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Condos shrink to control prices

George Carras
The Toronto Star
August 25, 2012

New condominium prices in the GTA have declined by 6.4 per cent from last year, according to RealNet’s Highrise Index Price.

What’s the primary reason for this price decline? Is it the tightening in mortgage rules? An oversupply of new housing? Perhaps, you might think, it’s because development costs have decreased.

Well, no, no and no.

The actual reason for the decline in the price of a new condominium can be captured in a word that will be familiar to Seinfeld fans: shrinkage.

New condominium prices are lower because the units being offered for sale are smaller.

How much smaller? In 2009 the index size of a new condominium was about 920 square feet. At the midpoint of 2012 the index size was about 795 square feet. That’s a decline of approximately 125 square feet, the equivalent of removing a 10-by-12-foot room from that 2009 condo.

This shrinkage has been consistent across all condominium unit types and in both the 416 and 905 regions.

There is a significant shift taking place. Back in 2000, apartment condominiums represented only 23 per cent of the overall new-home market; detached homes outsold condominium apartments by a ratio of two-to-one.

In 2005, intensification policies contained in the province’s regional growth plan took effect, triggering an increase in highrise condo development to meet the demands of a region that continued to grow.

Fast forward to 2012. Today, 51 per cent of total new-home sales are apartment condominiums, and condos have been outselling detached homes by a ratio of two-to-one. This is based on the supplies of the two housing types. After all, builders can only sell what they’re permitted to develop.

To maintain affordability, condominium apartments have grown smaller in recent years. There has been a shift away from two-bedroom and two-bedroom-plus-den suites and toward one-bedroom and one-bedroom-plus-den units.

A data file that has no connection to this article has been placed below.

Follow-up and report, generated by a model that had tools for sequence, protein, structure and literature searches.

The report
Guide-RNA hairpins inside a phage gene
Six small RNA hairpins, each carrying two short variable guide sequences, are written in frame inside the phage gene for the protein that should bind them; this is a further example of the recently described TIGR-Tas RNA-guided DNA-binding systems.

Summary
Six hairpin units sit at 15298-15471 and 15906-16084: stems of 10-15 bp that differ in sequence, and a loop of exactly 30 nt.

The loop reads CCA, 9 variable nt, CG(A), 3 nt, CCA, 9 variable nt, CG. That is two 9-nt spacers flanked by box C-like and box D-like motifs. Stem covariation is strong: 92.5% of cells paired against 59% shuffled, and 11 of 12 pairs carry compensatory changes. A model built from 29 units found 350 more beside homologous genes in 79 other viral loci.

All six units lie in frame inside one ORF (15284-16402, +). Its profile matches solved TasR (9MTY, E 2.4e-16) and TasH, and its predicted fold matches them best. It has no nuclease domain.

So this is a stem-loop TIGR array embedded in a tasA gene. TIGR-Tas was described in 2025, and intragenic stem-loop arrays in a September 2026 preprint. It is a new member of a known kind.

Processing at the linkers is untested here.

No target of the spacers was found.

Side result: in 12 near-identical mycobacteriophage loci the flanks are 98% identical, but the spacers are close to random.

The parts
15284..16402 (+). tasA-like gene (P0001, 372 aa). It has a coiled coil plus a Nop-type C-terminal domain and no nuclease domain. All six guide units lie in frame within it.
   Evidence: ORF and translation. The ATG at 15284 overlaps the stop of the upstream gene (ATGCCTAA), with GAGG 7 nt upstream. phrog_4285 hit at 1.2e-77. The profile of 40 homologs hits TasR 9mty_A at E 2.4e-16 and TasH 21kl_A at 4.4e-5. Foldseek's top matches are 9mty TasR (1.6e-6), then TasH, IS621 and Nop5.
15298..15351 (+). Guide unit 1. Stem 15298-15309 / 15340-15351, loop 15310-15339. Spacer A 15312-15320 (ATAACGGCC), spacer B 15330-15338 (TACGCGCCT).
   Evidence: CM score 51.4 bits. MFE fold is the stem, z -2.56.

Although the 905 region typically offers consumers lower new-condo prices, condos in these areas do not, on average, offer them that much more space.

The Index size of a new one-bedroom-plus-den condominium in the 416 as of June 30 was 668 square feet, compared to 703 square feet in the 905. That’s only 35 square feet of additional space in the 905. The Index size of a new one-bedroom condominium in the 416 was 560 square feet, compared to 594 square feet in the 905. That’s just 34 square feet more in the 905.

For the most part, the impact of this condo shrinkage will not become apparent for a few years. Most of the data here reflects condominium projects being sold in the pre-construction stage. On average, these units take between three to five years to deliver, that is, to go from the start of presales to the delivery of move-in-ready units to the market.

The population growth of the GTA will increasingly be accommodated by condominium apartments, many of them one-bedroom or one-bedroom-plus-den units that average between 560 and 703 square feet.

The shrinkage of home sizes will no doubt have an impact on how Torontonians live in the future. But it’s important to keep in mind that there are plenty of cities around the world where smaller, more efficient housing is the norm.

The shift means that building and neighbourhood amenities, as well as community infrastructure and services, will play increasingly important roles in the housing equation.

If you’re looking at buying a new condo, it’s vital to know what you’ll be getting. Consult your realtor and the builder. Make sure you understand the floor plans and how the unit layout will accommodate your lifestyle.

Also consider what the building will offer and what services will be located in the area by the time the unit is delivered.


Posted on Wednesday, August 29, 2012 at 11:56AM by Registered CommenterElaine in | CommentsPost a Comment | References1 Reference

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